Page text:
Robert Alexander "Sandy" Blythe, OAM[1][2] (24 February 1962 – 18 November 2005) was an Australian wheelchair basketball player. He became a paraplegic due to a car accident in 1981, and went on to participate in the Australia men's national wheelchair basketball team at four Paralympic Games, captaining the gold-medal-winning team at the 1996 Atlanta Paralympics. He committed suicide in 2005 at the age of 43 after a long illness.

Sandy Blythe
141100 - Wheelchair basketball Sandy Blythe action - 3b - 2000 Sydney match photo.jpg
Sandy Blythe in action during competition at the 2000 Sydney Paralympics
Personal information
Full nameRobert Alexander Blythe
Nationality Australia
Born24 February 1962
Geelong, Australia
Died18 November 2005(2005-11-18) (aged 43)
Melbourne, Australia
Blythe smiling as he autographs a fan's item at the Welcome Home Parade after the 2000 Summer Paralympics
Blythe looks to make a pass in the gold medal game against Great Britain at the 1996 Atlanta Paralympic Games


Blythe was born in Geelong on 24 February 1962.[3] He grew up in a farm outside the Victorian town of Derrinallum and was a champion Australian rules football player as a teenager. He played in the Teal Cup and was later part of the St Kilda Football Club country squad.[4] In 1981, he began studying at the Ballarat College of Advanced Education, but later that year, he was involved in a three-car collision that rendered him paraplegic.[4][5] In 1984 he obtained his physical education degree on schedule, despite his six-month rehabilitation at Austin Hospital.[5]

He was part of the Australia men's national wheelchair basketball team at the 1988 Seoul, 1992 Barcelona, 1996 Atlanta, and 2000 Sydney Paralympics.[6] He was the captain of the team when it won a gold medal at the 1996 Atlanta Games and was co-captain with Priya Cooper of the Australian Paralympic team at the 2000 Sydney Games.[7][8] He had an Australian Institute of Sport scholarship in 1998 for wheelchair basketball.[9]

Blythe was also a motivational speaker who formed and worked in several businesses that improved public awareness of people with disabilities.[4][5] In 2000, he released a memoir, Blythe Spirit.[10]

On 18 November 2005, Blythe committed suicide; he had been suffering from depression and chronic fatigue syndrome for several years.[4][11] He was survived by his partner of eight years, wheelchair basketballer Paula Coghlan.[12]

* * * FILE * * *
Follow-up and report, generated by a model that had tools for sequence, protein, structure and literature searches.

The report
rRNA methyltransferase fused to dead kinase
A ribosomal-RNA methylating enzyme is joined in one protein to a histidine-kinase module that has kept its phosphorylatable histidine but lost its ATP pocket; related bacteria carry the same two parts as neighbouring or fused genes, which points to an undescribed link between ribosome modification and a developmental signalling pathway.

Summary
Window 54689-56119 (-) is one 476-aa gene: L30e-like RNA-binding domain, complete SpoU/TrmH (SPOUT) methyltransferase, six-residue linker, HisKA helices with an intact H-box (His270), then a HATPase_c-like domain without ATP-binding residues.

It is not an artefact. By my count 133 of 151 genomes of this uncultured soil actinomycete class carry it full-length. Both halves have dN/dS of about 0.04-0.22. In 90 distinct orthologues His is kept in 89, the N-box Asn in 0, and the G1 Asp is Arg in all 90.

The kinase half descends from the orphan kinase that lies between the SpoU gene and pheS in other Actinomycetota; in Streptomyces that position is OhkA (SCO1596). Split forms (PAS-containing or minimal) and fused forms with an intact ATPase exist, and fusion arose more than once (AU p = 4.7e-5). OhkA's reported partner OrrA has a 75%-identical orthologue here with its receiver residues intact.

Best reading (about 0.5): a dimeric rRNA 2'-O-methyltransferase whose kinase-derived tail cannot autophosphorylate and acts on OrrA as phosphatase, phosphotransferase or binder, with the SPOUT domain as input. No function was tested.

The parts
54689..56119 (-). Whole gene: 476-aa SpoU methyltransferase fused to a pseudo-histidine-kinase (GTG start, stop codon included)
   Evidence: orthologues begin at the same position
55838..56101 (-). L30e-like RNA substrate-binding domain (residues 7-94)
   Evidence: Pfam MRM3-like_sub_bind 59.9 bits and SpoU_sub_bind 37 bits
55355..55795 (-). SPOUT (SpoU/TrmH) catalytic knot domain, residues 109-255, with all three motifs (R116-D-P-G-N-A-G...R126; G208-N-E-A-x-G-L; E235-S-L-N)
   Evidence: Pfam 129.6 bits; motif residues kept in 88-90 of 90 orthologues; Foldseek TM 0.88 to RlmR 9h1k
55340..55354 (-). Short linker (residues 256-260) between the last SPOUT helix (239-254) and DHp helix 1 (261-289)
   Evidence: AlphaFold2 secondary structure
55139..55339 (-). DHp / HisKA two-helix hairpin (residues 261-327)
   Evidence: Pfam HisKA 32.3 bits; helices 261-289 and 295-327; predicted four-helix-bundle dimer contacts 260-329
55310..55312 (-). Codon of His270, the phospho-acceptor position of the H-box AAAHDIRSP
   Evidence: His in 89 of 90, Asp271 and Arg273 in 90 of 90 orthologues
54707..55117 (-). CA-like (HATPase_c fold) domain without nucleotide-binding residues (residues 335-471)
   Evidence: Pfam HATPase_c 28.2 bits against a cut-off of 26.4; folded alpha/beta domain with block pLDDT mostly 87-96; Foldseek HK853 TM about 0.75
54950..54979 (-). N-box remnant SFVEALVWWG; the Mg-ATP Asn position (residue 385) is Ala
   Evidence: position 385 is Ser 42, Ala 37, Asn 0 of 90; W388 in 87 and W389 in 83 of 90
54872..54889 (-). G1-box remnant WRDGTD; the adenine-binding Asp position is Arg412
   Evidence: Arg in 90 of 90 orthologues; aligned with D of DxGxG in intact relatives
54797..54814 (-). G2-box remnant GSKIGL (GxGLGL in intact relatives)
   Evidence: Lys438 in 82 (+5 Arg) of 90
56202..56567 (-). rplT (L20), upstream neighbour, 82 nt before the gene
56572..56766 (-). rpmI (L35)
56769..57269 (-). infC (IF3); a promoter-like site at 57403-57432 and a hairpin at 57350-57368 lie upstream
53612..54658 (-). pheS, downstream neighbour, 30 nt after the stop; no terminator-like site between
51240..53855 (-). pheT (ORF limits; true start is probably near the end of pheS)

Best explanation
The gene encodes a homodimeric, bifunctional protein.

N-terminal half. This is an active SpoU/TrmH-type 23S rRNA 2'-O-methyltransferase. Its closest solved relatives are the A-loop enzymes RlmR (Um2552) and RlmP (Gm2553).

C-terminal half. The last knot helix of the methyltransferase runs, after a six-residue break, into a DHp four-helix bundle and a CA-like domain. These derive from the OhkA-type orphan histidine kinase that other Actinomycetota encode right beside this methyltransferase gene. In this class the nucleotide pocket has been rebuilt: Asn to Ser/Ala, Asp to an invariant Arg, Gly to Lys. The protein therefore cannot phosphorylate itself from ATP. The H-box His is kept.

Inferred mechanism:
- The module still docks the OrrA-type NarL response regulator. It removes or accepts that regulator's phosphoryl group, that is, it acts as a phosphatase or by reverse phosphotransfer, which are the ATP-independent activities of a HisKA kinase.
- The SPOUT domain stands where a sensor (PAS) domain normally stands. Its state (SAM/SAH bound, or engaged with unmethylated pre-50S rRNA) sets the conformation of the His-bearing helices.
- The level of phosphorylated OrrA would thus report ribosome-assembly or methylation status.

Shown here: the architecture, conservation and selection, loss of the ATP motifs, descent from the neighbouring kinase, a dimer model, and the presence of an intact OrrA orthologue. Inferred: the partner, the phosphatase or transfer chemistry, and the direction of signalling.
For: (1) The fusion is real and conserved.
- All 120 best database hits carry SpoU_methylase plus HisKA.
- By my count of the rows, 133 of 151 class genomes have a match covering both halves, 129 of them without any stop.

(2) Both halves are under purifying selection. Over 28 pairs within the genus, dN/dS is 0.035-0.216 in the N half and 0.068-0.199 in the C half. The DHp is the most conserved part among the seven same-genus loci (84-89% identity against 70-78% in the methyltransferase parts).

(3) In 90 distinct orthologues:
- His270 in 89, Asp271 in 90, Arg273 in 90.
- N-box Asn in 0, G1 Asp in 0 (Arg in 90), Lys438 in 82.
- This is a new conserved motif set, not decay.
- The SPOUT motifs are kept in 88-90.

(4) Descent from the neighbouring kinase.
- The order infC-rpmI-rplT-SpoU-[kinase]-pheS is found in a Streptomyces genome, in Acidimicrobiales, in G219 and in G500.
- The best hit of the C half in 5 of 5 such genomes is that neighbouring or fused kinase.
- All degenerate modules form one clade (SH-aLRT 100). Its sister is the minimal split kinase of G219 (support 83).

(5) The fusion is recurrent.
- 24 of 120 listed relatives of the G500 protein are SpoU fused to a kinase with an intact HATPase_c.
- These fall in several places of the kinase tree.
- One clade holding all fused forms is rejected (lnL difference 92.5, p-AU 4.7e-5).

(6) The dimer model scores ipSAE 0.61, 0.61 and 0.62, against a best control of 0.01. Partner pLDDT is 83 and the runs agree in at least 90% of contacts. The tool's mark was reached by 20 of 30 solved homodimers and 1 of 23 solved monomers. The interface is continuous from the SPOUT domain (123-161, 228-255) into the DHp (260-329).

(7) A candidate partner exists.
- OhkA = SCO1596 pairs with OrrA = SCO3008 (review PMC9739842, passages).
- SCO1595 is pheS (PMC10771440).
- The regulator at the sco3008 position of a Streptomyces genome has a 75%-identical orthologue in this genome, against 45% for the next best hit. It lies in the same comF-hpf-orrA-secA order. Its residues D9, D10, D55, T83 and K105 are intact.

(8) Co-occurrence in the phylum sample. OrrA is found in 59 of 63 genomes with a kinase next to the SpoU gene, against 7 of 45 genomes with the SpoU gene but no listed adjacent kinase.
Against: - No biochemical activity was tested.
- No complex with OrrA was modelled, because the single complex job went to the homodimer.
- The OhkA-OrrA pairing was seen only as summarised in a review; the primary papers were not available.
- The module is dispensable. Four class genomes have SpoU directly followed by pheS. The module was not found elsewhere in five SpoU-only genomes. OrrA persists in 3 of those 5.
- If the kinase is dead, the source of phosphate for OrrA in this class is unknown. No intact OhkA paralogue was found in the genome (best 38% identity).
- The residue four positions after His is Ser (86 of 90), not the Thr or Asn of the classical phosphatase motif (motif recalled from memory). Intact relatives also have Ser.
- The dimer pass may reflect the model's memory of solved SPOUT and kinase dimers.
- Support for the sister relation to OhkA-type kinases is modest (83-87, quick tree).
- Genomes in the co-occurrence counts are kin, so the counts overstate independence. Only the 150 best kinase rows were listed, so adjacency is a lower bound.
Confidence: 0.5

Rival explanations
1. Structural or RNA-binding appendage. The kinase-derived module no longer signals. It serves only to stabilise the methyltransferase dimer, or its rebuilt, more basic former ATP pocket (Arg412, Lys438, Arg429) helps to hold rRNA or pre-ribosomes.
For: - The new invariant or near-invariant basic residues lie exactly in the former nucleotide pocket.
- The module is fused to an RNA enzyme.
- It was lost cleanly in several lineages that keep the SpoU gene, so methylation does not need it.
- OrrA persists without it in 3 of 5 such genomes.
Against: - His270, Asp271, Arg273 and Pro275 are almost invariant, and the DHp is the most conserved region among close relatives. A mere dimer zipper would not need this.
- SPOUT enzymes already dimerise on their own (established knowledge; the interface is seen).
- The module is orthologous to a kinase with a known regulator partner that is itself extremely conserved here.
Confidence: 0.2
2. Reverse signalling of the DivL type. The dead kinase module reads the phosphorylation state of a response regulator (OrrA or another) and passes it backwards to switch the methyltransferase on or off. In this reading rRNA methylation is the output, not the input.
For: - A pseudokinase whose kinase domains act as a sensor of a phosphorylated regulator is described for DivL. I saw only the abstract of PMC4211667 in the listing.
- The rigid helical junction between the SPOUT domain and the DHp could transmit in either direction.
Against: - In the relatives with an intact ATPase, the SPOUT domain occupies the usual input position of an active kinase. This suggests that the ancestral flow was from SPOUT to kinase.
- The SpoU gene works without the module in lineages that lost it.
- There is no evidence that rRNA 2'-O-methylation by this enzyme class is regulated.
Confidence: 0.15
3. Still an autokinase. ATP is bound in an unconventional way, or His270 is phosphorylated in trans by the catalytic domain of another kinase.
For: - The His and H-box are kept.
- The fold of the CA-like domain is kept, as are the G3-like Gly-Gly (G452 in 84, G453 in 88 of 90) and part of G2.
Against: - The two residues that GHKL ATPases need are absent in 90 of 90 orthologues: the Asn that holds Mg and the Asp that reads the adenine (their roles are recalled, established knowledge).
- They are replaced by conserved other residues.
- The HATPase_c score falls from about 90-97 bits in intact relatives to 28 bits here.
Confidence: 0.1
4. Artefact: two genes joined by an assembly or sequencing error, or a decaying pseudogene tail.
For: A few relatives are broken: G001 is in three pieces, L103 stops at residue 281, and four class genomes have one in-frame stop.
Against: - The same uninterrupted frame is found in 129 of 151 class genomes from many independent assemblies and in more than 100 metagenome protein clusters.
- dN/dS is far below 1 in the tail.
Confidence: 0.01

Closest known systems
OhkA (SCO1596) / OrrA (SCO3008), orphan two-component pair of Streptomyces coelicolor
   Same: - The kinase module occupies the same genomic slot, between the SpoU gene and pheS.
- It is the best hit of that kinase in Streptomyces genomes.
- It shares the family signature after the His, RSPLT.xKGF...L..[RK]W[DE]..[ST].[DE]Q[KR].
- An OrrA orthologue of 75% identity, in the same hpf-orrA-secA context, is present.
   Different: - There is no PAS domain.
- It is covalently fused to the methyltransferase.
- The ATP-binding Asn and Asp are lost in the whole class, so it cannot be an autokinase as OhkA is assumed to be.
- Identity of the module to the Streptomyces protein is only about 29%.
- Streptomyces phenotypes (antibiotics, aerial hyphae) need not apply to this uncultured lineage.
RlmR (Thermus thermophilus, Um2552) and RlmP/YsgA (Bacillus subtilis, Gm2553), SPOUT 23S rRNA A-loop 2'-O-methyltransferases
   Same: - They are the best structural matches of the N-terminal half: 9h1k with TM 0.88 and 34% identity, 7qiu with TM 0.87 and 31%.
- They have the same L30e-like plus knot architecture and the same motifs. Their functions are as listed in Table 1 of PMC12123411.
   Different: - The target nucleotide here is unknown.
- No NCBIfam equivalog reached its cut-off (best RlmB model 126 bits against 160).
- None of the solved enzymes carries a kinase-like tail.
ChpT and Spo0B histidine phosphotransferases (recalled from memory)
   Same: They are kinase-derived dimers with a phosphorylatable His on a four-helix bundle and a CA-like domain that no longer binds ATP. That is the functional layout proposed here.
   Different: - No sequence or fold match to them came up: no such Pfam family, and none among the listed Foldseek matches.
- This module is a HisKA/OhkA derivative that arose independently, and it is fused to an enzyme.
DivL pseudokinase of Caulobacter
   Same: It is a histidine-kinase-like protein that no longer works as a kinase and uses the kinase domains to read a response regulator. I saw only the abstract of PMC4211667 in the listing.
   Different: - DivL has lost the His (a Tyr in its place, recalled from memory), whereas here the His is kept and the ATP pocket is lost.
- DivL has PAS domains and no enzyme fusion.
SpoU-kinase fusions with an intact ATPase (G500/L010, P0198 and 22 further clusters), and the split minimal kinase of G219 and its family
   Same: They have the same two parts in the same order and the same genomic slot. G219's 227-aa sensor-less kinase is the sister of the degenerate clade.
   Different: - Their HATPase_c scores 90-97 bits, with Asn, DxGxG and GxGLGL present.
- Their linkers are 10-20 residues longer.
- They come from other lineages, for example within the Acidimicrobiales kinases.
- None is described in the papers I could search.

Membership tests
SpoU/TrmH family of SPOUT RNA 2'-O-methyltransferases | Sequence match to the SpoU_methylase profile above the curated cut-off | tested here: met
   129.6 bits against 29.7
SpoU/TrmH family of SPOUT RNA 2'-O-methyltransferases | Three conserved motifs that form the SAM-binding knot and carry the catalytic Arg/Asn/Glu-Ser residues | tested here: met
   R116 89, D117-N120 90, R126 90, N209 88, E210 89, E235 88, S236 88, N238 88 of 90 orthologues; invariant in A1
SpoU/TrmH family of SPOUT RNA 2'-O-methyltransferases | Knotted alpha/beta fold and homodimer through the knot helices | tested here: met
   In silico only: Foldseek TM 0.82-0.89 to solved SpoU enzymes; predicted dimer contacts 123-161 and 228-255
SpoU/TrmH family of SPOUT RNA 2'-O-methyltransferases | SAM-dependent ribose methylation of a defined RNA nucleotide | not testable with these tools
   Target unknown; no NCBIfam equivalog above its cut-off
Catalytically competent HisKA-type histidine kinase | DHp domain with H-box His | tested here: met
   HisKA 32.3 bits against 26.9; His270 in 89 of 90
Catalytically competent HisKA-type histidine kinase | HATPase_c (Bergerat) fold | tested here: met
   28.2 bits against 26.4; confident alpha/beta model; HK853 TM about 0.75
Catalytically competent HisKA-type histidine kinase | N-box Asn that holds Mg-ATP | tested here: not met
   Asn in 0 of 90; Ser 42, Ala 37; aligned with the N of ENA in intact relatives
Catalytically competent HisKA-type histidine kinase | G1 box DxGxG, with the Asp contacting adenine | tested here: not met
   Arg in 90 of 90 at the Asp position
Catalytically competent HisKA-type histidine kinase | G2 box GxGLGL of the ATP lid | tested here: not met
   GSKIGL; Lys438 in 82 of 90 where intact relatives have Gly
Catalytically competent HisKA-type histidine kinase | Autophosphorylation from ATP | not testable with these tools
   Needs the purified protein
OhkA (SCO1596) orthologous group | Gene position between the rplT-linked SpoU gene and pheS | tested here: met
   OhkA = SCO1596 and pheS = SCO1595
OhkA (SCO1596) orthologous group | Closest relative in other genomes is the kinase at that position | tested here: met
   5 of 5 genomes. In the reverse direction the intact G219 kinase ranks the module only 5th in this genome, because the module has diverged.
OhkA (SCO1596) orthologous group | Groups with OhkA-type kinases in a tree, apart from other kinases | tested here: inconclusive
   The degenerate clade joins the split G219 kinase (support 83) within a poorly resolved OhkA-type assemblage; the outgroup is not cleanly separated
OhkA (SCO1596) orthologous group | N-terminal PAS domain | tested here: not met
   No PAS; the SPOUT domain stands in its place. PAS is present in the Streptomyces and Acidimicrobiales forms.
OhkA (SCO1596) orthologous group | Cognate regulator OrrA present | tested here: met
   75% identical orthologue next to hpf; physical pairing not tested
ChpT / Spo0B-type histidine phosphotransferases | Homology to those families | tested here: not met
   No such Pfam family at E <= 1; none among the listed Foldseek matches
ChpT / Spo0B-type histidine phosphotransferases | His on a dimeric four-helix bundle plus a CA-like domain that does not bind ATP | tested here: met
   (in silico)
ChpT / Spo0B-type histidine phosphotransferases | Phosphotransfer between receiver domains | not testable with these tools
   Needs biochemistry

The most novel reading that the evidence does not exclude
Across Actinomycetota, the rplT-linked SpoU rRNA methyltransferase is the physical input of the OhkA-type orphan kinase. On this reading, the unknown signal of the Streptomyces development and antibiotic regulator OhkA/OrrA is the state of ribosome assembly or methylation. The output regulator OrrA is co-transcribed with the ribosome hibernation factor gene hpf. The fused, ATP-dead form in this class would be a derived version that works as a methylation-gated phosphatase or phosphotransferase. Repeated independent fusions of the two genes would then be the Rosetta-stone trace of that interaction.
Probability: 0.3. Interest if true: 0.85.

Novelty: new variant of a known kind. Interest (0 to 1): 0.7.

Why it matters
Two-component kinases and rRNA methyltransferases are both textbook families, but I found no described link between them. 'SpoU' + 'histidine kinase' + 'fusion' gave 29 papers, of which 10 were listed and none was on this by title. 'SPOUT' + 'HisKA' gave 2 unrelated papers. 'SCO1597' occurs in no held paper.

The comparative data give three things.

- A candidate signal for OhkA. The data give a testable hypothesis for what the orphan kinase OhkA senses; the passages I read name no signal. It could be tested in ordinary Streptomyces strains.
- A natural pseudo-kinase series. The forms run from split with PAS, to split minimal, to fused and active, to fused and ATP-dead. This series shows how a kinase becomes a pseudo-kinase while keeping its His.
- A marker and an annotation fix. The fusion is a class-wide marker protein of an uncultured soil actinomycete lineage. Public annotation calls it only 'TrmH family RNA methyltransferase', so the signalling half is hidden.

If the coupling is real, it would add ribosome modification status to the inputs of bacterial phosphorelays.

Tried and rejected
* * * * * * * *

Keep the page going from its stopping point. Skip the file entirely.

Blythe received a Medal of the Order of Australia in 1997 for his 1996 gold medal.[1] In 2000, he received an Australian Sports Medal.[2] The Sandy Blythe Medal, awarded to the best player of the year in the Australia men's national wheelchair basketball team, is named in his honour.[13] In 2010, he was posthumously inducted into the Australian Basketball Hall of Fame.[7]


  1. ^ a b "Blythe, Robert, OAM". It's an Honour. Retrieved 16 January 2012.
  2. ^ a b "Blythe, Robert Alexander: Australian Sports Medal". It's an Honour. Retrieved 16 January 2012.
  3. ^ "Australians at the 1996 Atlanta Paralympics: Wheelchair Basketball". Australian Sports Commission. Archived from the original on 19 January 2000.
  4. ^ a b c d Petrie, Andrea (19 November 2005). "Disabled basketball champion dies at 43". The Age. p. 7. Retrieved 16 August 2012.
  5. ^ a b c Campbell, Di (20 December 2005). "Sandy Blythe". University of Ballarat. Archived from the original on 3 April 2012. Retrieved 16 August 2012.
  6. ^ Results for Blythe from the International Paralympic Committee (archived). Retrieved 16 August 2012.
  7. ^ a b "Sandy Blythe". Basketball Australia. Retrieved 16 August 2012.
  8. ^ Grant, Freya (6 December 2000). "Blythe shares early lead – name a supercat". The Daily Telegraph. p. 18.
  9. ^ Nihil, G. (2006). Australian Institute of Sport : celebrating excellence. Focus Publishing. p. 104. ISBN 1-921156-16-3.
  10. ^ Blythe, Sandy (2000). Blythe Spirit. Sydney: Pan MacMillan. ISBN 9780732910273.
  11. ^ Petrie, Andrea (25 November 2005). "Farewell to a champion athlete for whom life had lost its crucial blithe spirit". The Age. p. 8. Retrieved 16 August 2012.
  12. ^ Edmund, Sam (22 November 2005). "Tributes flow for trailblazer; Tragic death of Paralympian". Herald Sun. p. 9.
  13. ^ "Groenewegen named Sandy Blythe medalist". Basketball Australia. 25 May 2008. Retrieved 16 August 2012.